When considering the background of a judge, there’s a tendency to give the benefit of the doubt to the jurist – after all, if an individual has worked all the way up to being a judge, surely they’ve been investigated at multiple stages along the way, right? But, what exactly does that vetting consist of? Where would you check to see if there have been any prior issues? At the federal level, this process frequently plays out to intense media scrutiny in the Senate Judiciary Committee, particularly at the Supreme Court level. However, at the state level the process varies greatly from state-to-state. In California, the state bar’s Commission on Judicial Nominees Evaluation investigates judicial nominees before they are appointed. Then, once they confirmed and serving on the bench, the Commission on Judicial Performance is tasked with investigating and disciplining instances of misconduct. However, a recent audit of the Commission on Judicial Performance showed misconduct had occurred that was not properly investigated and documented – so if confronted with backgrounding a jurist, a prudent course of action would be to reconfirm and verify.
Of the three branches of government, the judicial branch has traditionally received the least amount of scrutiny and criticism for ethical lapses, which is reflected in polling that shows Americans have more confidence in courts than nearly all other public institutions, outside of the military and law enforcement. Moreover, when voters are queried more specifically about the opinions on state courts, confidence levels are even higher with polling showing three-quarters of voters express confidence in their state court system. Maintaining that confidence requires vigilance, transparency and accountability, in particular for a branch of government that frequently avoids intense media scrutiny.
The U.S. Supreme Court is the most recognizable judicial institution and serves as the most prominent example of judicial vetting for most members of the public. The process of the President’s team exhaustively canvassing the backgrounds of potential nominees before deciding on their final choice – followed by the media, interest groups and the opposition party conducting their own research in an attempt to discredit the nominee – has been well-documented in countless articles. The most recent Supreme Court nomination of Justice Brett Kavanaugh featured deeply contentious and highly-publicized Senate Judiciary Committee hearings, which highlighted opposition to the nomination on the basis of past allegations of sexual assault. The Supreme Court nomination process even provided the plot for two memorable episodes of the TV-show The West Wing. As with the Supreme Court, all federal judges are appointed by the President and are appointed to their positions for life.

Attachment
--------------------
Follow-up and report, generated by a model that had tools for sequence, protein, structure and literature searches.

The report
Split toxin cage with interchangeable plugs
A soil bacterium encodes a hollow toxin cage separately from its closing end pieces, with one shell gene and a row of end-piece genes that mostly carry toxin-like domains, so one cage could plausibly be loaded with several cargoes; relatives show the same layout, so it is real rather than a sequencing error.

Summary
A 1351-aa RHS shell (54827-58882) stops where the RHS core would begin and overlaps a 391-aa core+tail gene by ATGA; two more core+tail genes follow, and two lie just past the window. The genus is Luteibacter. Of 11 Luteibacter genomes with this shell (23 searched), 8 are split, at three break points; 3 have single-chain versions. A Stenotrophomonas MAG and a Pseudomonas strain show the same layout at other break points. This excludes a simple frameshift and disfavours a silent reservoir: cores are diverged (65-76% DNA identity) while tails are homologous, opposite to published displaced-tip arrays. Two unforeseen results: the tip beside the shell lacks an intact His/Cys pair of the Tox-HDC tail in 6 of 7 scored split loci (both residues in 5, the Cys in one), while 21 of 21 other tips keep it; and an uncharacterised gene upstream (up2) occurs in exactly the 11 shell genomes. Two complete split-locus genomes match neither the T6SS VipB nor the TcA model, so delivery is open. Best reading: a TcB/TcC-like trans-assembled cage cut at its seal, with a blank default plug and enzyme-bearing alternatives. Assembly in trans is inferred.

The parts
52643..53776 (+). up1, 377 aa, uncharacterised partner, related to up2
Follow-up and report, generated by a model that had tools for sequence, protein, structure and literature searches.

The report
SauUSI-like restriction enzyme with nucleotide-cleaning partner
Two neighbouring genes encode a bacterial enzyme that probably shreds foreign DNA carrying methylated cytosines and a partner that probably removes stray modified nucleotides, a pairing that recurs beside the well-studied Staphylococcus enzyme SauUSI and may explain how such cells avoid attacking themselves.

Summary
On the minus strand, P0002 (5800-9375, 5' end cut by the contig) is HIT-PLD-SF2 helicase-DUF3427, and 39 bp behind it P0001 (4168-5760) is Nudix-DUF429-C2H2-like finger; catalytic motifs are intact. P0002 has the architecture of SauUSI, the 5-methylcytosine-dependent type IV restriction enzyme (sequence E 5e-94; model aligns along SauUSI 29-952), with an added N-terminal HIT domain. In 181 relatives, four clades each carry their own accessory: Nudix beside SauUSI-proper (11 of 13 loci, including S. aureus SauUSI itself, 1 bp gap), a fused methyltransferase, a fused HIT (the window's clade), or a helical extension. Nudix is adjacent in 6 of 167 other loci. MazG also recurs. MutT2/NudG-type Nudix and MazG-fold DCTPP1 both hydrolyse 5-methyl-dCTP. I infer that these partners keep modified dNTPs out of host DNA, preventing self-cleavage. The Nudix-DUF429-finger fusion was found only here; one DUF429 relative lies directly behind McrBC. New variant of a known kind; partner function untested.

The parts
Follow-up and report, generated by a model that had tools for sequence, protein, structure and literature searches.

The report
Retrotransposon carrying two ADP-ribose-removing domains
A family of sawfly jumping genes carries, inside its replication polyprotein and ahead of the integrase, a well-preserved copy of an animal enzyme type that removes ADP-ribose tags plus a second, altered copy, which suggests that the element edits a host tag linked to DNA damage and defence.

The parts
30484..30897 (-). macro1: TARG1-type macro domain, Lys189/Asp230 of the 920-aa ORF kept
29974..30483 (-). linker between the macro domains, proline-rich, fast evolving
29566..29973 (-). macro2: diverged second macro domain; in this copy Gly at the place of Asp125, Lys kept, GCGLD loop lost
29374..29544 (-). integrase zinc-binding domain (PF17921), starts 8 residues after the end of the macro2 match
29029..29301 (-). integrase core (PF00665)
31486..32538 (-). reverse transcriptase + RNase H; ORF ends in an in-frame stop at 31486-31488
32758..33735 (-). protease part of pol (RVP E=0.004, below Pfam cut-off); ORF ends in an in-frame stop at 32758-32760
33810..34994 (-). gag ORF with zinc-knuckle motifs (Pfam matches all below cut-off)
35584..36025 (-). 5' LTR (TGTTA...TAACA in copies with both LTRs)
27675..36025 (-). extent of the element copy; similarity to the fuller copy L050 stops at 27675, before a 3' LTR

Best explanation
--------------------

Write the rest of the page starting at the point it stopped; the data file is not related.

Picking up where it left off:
The selection of judges to state courts, however, is less well-known and publicized. In California, judges on the Supreme Court and courts of appeal are nominated by the governor and must be confirmed by the Commission on Judicial Appointments, which consists of the Chief Justice of the Supreme Court, the attorney general, and a presiding justice of the courts of appeal. The judges that are appointed by the governor must stand for retention in the next gubernatorial election after their appointment. Supreme Court and appellate judges are appointed for 12-year terms and can run in a retention election at the end of their 12-year term. Superior court judges, on the other hand, are chosen in nonpartisan elections and serve six-year terms. In addition to having to answer to voters in elections, judges are also screened by the State Bar of California through the bar’s Commission On Judicial Nominees Evaluation, which is responsible for conducting a thorough investigation of the background and qualifications of prospective nominees, including nominees to the Supreme Court, appellate court and superior court vacancies filled by the governor. The commission’s findings, however, are advisory only. The governor is not bound by the commission's recommendations.
Once judges have been appointed, confirmed and retained via election, there is another layer of oversight through the Commission on Judicial Performance, which is an independent agency, comprised of judges, lawyers and members of the public appointed by the governor, the Legislature and the California Supreme Court. The Commission on Judicial Performance is tasked with investigating complaints against judges and, when there is evidence of judicial misconduct, providing discipline through a variety of means of corrective action, from sending private letters to the judges up to removing jurists from the bench for major misconduct.
A recent report by California State Auditor Elaine M. Howle, however, found that the Commission on Judicial Performance failed to consistently and thoroughly probe allegations of judicial misconduct, which underscores the importance of ensuring that those tasked with oversight are diligently fulfilling their mission. The Auditor found that the Commission had failed to detect chronic misbehavior and identify patterns of misconduct and recommended a number of corrective steps to remedy the problems. The audit report is a stark reminder that oversight only works when the overseers are diligent, thorough and consistent in their mission.